It’s been a while since I last updated my blog, and a lot of things have happened. The two jobs that I applied for in a local museum here in my very own city of Derry-Londonderry were rejected. Needless to say I was down for quite a while about that, pouring endlessly over the application forms I filled out, looking for any small detail that would have shed some light onto the fact that I didn’t even get an interview. Being unemployed is starting to get more difficult by the day. I relish in the opportunity to do little odd jobs. For example I was on BBC Radio Foyle again last Thursday and Friday, and this gave me a reason to get up in the morning.
Keeping myself busy is the one thing that helps to keep me moving forward. One minute I’ll be looking for jobs and then the next minute I will be cleaning the house, or writing, whether it be non-fiction or fiction.
I made myself smile last night. I have a book, 642 Things To Write About by the San Francisco Writers’ Grotto, and it is packed to the rafters with writing prompts to keep your creative mind active. They even help to eliminate writers block. I don’t really know why I took to writing last night, usually I have to be in the mood to write before anything happens, but maybe it was the fact that I wasn’t in the mood last night that made some magic happen. I penned three things last night that I never thought I would, and I feel like sharing them.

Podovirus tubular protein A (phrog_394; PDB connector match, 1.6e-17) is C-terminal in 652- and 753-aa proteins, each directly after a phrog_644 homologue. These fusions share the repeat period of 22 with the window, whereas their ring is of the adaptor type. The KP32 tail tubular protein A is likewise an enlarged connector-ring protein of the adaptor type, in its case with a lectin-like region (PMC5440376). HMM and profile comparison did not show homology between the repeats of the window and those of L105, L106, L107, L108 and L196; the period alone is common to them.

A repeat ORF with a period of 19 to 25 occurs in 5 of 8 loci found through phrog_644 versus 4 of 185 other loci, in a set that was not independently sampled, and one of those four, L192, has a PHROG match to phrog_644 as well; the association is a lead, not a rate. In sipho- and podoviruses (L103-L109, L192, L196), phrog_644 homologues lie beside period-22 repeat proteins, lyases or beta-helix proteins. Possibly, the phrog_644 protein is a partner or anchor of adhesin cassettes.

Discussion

Prompt 1: You wake up by the side of the road lying next to a bicycle, with no memory and no wallet. What happens in the next hour?
(NB: I don’t know why but I made this story about a man)
The next hour was a total blur. He picked up the bike, which he could only assume was his, even though he was wearing no helmet or knee pads, and started walking down the eerie, deserted road. As he walked, he patted himself down and could find no wallet. There went the last hope of finding out exactly who he was, and where on earth he could be.
He kept up a steady pace walking beside the bike. He was wary of riding it, for fear it was what had gotten him into trouble in the first place. Deep, dark clouds started to spread across the sky, covering it like a heavy blanket. He picked up his pace, noticing that he was entering an industrial type area. Clearly the buildings were all closed and devoid of people, because each chain link gate he passed were locked up tighter than a bank vault. As fat droplets of rain started to collide with his forehead, he spotted a glowing sign up ahead. It was a petrol station by the look of it. He jogged towards it with the light weight bike in tow as the heavens started to open.
By the time he reached the petrol station, he was drenched right through, his teeth chattering with the chill. He deposited the bike at the entrance and walked through a solid wave of heat. The light of the store burned his retinas and the smell of petrol lingered in his nose as he made his way towards the counter. A portly, older woman was rummaging behind the till, and when she caught sight of him, she gasped, clamping her hand to her overly painted mouth. It was only then that he realised that his face and hands were burning with pain, and shards of jaggy pain were shooting up his back. He must have looked awful.
On the counter, a little out of sight, sat a wallet. He grabbed it and searched for the driver’s license. He pulled out the laminated card and stared at the photograph. He strained up to see his reflection in the mirrored sign behind the portly woman’s head and realised that the road burned face that stared back at him was identical to the image on the license. He glanced back down at the card in his hand as the woman made to call for medical help and read the name on the card.
“Carl Jameson,” he said out loud, not even recognising the name, or the sound of his voice.